Girard-Perregaux Tourbillon With Three Flying Bridges: An Icon Zooms In The Partnership With Aston Martin
Earlier in 2021, Girard-Perregaux surprisingly announced a new partnership with luxury carmaker Aston Martin.
This was surprising as Aston Martin had left a 12-year relationship with Jaeger-LeCoultre to announce a partnership with Richard Mille in 2016 before quickly moving to TAG Heuer a year later without ever even releasing an RM collaborative watch.
Now Aston Martin may have finally found a new permanent horological home with Girard-Perregaux according to enthusiastic words of CEO Patrik Pruniaux and Aston Martin head of design Marek Reichman during a Zoom call.
Just months after announcing the partnership, Girard-Perregaux, celebrating its 230th anniversary in 2021, quickly released the dedicated 18-piece Tourbillon with Three Flying Bridges Aston Martin edition, which was co-designed by Reichman and his team.
This timepiece is blessed with astoundingly appealing visuals, but there is also a whole heck of a lot of history behind it. Let’s dive into that first.
What are the Girard-Perregaux Bridges?
Constant Girard and his brother established the watchmaking workshop bearing their name in 1852, but only when Constant married Marie Perregaux in 1854 did the company take on the form it bears today, thanks in great part to what was known as the tourbillon with three bridges.
The bridges were the result of Constant Girard’s perpetual quest for precision and they have transformed into the symbolic element of the brand. At least one graces each of Girard-Perregaux’s modern wristwatch tourbillons – quite possibly as Constant Girard had foreseen back in 1867 when he first introduced it at the Paris Universal Exhibition, where it won a gold medal.
Constant Girard was one of the few watchmakers of the nineteenth century able to make a tourbillon, and his special trio of bridges continues to constitute the focal point of Girard-Perregaux’s tourbillon wristwatches today.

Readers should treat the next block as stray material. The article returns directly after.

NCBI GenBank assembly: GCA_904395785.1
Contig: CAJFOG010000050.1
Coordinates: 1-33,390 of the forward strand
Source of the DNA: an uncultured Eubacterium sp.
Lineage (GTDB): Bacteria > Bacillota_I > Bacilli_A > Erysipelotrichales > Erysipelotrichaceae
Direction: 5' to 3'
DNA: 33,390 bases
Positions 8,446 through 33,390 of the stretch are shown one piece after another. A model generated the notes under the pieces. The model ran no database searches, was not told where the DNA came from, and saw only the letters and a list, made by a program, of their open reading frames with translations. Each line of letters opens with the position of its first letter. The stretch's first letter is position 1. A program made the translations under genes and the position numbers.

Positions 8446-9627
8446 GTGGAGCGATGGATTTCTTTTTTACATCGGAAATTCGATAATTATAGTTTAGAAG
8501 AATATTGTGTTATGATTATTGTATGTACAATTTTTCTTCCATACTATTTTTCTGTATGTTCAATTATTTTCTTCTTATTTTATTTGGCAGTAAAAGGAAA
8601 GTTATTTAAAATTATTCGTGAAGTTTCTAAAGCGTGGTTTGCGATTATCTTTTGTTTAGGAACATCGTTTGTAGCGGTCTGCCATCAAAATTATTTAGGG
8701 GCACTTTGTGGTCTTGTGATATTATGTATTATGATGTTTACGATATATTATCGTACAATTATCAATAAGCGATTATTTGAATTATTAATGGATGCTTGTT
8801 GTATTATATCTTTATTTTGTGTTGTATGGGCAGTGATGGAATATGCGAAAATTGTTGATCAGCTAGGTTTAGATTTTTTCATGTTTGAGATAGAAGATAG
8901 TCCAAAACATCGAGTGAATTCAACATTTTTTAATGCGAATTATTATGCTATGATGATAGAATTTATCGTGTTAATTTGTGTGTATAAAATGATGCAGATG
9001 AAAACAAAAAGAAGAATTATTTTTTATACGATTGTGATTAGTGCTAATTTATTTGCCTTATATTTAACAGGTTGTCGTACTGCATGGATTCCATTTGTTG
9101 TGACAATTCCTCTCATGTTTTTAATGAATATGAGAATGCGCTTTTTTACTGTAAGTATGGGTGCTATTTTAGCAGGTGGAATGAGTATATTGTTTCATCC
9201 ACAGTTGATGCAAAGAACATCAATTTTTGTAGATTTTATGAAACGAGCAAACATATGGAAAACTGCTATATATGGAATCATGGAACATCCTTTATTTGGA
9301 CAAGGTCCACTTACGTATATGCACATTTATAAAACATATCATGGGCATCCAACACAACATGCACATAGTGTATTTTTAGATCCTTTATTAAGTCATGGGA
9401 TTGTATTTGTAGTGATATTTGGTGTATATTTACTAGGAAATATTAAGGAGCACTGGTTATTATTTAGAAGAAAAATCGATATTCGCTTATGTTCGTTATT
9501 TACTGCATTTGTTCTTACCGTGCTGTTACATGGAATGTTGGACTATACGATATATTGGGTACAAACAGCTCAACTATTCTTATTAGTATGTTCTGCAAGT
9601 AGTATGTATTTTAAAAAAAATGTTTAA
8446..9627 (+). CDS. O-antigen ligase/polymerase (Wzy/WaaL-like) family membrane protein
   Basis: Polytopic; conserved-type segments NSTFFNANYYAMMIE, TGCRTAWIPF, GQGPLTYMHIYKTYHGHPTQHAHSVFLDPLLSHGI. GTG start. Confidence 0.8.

In 2014, Girard-Perregaux presented a radical modern evolution of the Three Bridges Tourbillon called the Neo-Tourbillon with Three Bridges.
While this model retains the original codes and architecture of Constant Girard’s oeuvre, major changes occurred regarding the shape and material of the bridges, the crystal, and the completely redesigned caliber. All of which endow this timepiece with a much more avant-garde spirit. At the time it was a daring step toward post-modernism; today it is probably the best-known version of the Three Bridges Tourbillon to a new generation of watch enthusiasts.
The bridges, now made of titanium instead of gold, were redesigned to accommodate a desire for extra three-dimensionality, while movement skeletonization has visually lightened the appearance of what is essentially a rather large watch. Beadblasting and coating the bridges with black PVD provides an very modern touch.
Girard-Perregaux Tourbillon with Three Flying Bridges Aston Martin
The newest variation of the Neo-Tourbillon came along in June 2021, just after Aston Martin announced its return to Formula 1 after a 61-year absence. The Tourbillon with Three Flying Bridges Aston Martin is an 18-piece limited edition in honor of the new partnership. These two brands share some similarities that make the partnership a good fit, particularly the fact that they are both rather old brands searching for new relevance in a modern world that moves very quickly. Girard-Perregaux is 230 years old as of 2021, while Aston Martin is now aged 108 years.
“We have a common ethos, a common goal, and make collectible pieces that people will keep for their lifetimes and hand down to the next generations,” Aston Martin head of design Marek Reichman said in the interview.
In that sense, using the Neo-Tourbillon as the introductory piece was a good move. “We decided to start our partnership with the icon,” Pruniaux explained.
The Tourbillon with Three Flying Bridges’ focal point is twofold: firstly, the 10 mm titanium tourbillon cage, which comprises 79 components and weighs only 0.25 gram. Its unusual shape echoes that of the Three Bridge Tourbillon’s historic lyre-shaped cage.
And secondly – and perhaps even more importantly – the bridges that take over the function of the main plate in this configuration, supporting and securing the gear train with tourbillon escapement and spring barrel. The entire construction makes the bridges appear to float in air, a visual observation underscored by the large box sapphire crystal.
It is finely hand-finished as a tourbillon cage should be, and fine finishing is extremely difficult to achieve in titanium. The variable-inertia balance has been electro-plated in black to stay consistent with the post-modern feel of the entire caliber. A barely-there blued hand on the tourbillon cage indicates seconds.